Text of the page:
The Baptism of Christ by Andrea del Verrocchio with kneeling angel by Leonardo da Vinci

Moving to Milan in 1482 to work for the Duke of Milan (Ludovico Maria Sforza) led to a more productive chapter in Leonardo’s artistic life. During this nearly 20-year sojourn, the invigorated genius painted (and finished) The Last Supper alongside several portraits, such as the Lady with an Ermine. But with the Duchy of Milan under imminent threat from French invasion, Da Vinci’s imagination worked overtime, as his energies turned towards designing cannons, armoured tank-like vehicles and other weapons of destruction. How he conceived ideas of futuristic war machines baffles experts even today.  

Returning to Florence in 1502, Da Vinci found himself working for Cesare Borgia, courtesy of the wily Machiavelli, who brokered the deal. Working as military architect and engineer, Leonardo had to accompany the tyrant during his military conquests in Romagna. Witnessing the brutality of war must have left a deep scar, so much so that when he was commissioned the following year to paint the Battle of Anghiari of 1440 across Palazzo Vecchio’s Hall of the Five Hundred, his drawings of falling horses and soldiers were depicted with stark intensity and drama. Although he never finished the painting, experts are convinced ‘The Lost Leonardo’ remains hidden behind one of the frescoes, although attempts to find it were hampered amid institutional squabbles.  

Painting the iconic Mona Lisa soon after was Da Vinci’s saving grace, shielding him from the harsh realities of life dominated by political and religious shenanigans in Renaissance Florence. Uprooting himself once again, this time to Rome, he spent his days pursuing mathematical and scientific projects. At the age of 65, the genius found solace in France, where he lived his last days. 

Although Da Vinci never returned to his hometown of Vinci, his memory is kept alive at the Museo Leonardiano di Vinci. Here, the polymath’s scientific mind is dissected through a series of exhibits showcasing his brilliant concepts and designs, including mechanical clocks, submarines and his famous flying machine, or ‘ornithopter’. Uncannily predicting our world of artificial intelligence (AI), he dabbled with the concept of a ‘mechanical man’ — what we’d now call a robot. Da Vinci’s power of observation was microscopic, most apparent in his studies of water’s nature and movement, but most compelling is his mastery of the human anatomy, evident in his illustration of the Vitruvian Man, and the painstaking details in his drawings and paintings, where every pose illustrates the interaction between veins, ligaments, muscles and bones.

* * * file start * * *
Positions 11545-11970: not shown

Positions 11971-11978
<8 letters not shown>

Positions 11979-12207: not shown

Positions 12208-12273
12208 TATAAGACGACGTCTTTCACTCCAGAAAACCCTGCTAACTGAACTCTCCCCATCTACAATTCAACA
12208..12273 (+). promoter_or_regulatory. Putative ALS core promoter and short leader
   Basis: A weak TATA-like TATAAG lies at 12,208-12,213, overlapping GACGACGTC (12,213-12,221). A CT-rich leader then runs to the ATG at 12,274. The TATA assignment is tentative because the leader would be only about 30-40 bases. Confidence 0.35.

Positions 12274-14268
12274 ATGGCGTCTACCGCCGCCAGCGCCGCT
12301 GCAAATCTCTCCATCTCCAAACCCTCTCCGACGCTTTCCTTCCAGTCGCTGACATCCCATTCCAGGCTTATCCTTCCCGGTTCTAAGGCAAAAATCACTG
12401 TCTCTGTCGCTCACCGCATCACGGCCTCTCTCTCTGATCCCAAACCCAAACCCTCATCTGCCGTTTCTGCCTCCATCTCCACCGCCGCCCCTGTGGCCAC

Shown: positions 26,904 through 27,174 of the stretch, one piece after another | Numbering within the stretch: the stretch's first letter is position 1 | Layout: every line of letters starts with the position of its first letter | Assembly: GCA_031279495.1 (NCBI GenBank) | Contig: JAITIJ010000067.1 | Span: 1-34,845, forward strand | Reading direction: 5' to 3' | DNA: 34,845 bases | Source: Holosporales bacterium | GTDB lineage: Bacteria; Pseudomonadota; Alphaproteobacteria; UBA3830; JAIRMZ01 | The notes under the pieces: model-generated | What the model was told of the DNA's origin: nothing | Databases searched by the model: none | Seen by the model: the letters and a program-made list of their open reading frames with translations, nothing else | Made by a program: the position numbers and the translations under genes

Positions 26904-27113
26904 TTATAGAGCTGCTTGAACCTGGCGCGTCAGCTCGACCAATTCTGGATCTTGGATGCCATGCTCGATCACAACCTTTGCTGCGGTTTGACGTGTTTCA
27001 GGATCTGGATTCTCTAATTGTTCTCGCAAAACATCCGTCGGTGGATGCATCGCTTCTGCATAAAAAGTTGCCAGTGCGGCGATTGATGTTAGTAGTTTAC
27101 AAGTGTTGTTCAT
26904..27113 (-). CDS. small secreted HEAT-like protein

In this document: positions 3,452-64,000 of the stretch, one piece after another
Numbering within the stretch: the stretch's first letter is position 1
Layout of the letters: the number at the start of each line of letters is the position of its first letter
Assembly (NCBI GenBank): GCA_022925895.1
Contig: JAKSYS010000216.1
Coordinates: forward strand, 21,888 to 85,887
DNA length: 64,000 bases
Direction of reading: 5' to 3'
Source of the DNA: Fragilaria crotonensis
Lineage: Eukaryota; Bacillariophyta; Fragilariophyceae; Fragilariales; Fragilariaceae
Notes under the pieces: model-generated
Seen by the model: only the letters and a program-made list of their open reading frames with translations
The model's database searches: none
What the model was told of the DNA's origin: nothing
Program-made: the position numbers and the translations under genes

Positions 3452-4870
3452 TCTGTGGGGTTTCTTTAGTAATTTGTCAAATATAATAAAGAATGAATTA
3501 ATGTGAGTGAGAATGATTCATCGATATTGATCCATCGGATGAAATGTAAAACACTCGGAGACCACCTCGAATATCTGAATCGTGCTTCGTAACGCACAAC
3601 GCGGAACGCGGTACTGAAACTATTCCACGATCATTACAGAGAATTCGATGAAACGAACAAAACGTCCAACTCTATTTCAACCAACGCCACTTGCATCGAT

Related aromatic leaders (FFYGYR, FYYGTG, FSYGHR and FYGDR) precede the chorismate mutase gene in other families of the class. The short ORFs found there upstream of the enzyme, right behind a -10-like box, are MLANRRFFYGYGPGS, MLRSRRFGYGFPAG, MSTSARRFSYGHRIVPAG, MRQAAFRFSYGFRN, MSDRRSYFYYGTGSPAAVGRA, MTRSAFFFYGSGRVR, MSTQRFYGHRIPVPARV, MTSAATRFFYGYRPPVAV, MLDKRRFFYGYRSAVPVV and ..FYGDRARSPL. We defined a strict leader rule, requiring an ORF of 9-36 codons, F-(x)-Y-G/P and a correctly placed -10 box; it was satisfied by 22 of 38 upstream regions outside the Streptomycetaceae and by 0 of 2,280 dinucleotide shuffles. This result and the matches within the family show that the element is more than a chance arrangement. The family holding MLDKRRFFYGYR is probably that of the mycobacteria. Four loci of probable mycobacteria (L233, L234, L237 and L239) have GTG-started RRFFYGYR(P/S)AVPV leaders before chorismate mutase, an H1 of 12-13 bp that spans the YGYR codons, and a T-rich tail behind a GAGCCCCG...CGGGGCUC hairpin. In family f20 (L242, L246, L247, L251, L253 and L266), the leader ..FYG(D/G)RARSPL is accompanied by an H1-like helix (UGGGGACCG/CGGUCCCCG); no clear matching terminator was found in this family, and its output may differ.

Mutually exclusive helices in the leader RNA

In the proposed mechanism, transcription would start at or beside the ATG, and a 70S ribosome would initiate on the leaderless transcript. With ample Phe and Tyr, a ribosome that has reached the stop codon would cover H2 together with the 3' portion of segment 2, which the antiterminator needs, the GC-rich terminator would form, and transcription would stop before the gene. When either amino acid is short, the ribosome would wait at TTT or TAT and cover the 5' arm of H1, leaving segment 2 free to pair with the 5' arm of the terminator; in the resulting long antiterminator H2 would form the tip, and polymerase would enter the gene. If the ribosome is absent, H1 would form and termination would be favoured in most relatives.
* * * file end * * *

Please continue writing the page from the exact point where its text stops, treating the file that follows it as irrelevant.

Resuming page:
The Vitruvian Man by Leonardo da Vinci

Da Vinci’s genius is far greater than the sum of all his artistic achievements and scientific observations. Far ahead of his time, the Renaissance man’s greatest legacy is his inquisitive mind, always searching for answers to natural phenomena and the mysteries of life. The world was his canvas. While we are led to believe our faculties are controlled by either the brain’s left or right hemisphere, Leonardo’s analytical, logical, intuitive and creative abilities converged into one big thinking machine; some experts even consider him to be superhuman. And despite the great minds and combined advances in our world today, there hasn’t been any one individual quite like Leonardo da Vinci. 

Da Vinci was always fascinated with light and shade, but few references have been made to his study of the Moon, and how he unravelled the mystery behind ‘Earthshine’, a concept acknowledged today by NASA. Had he lived another 500 years, perhaps we may have already explored the Moon and Mars, and had answers to the mysteries of the universe. He may have even taken technology and medical science in a whole new direction. 

The Apollo 11 mission that landed man on the Moon for the first time 50 years ago would have been a dream come true for Leonardo, who might even himself have become an astronaut. Indeed, the race for commercial space travel and exploration is approaching take-off, and this could propel humanity towards a Renaissance of universal magnitude. And while the quest to decipher and decode the complex mind of Da Vinci ensues, his spirit lives among all the Renaissance men and women of the 21st century who seek truth and enlightenment.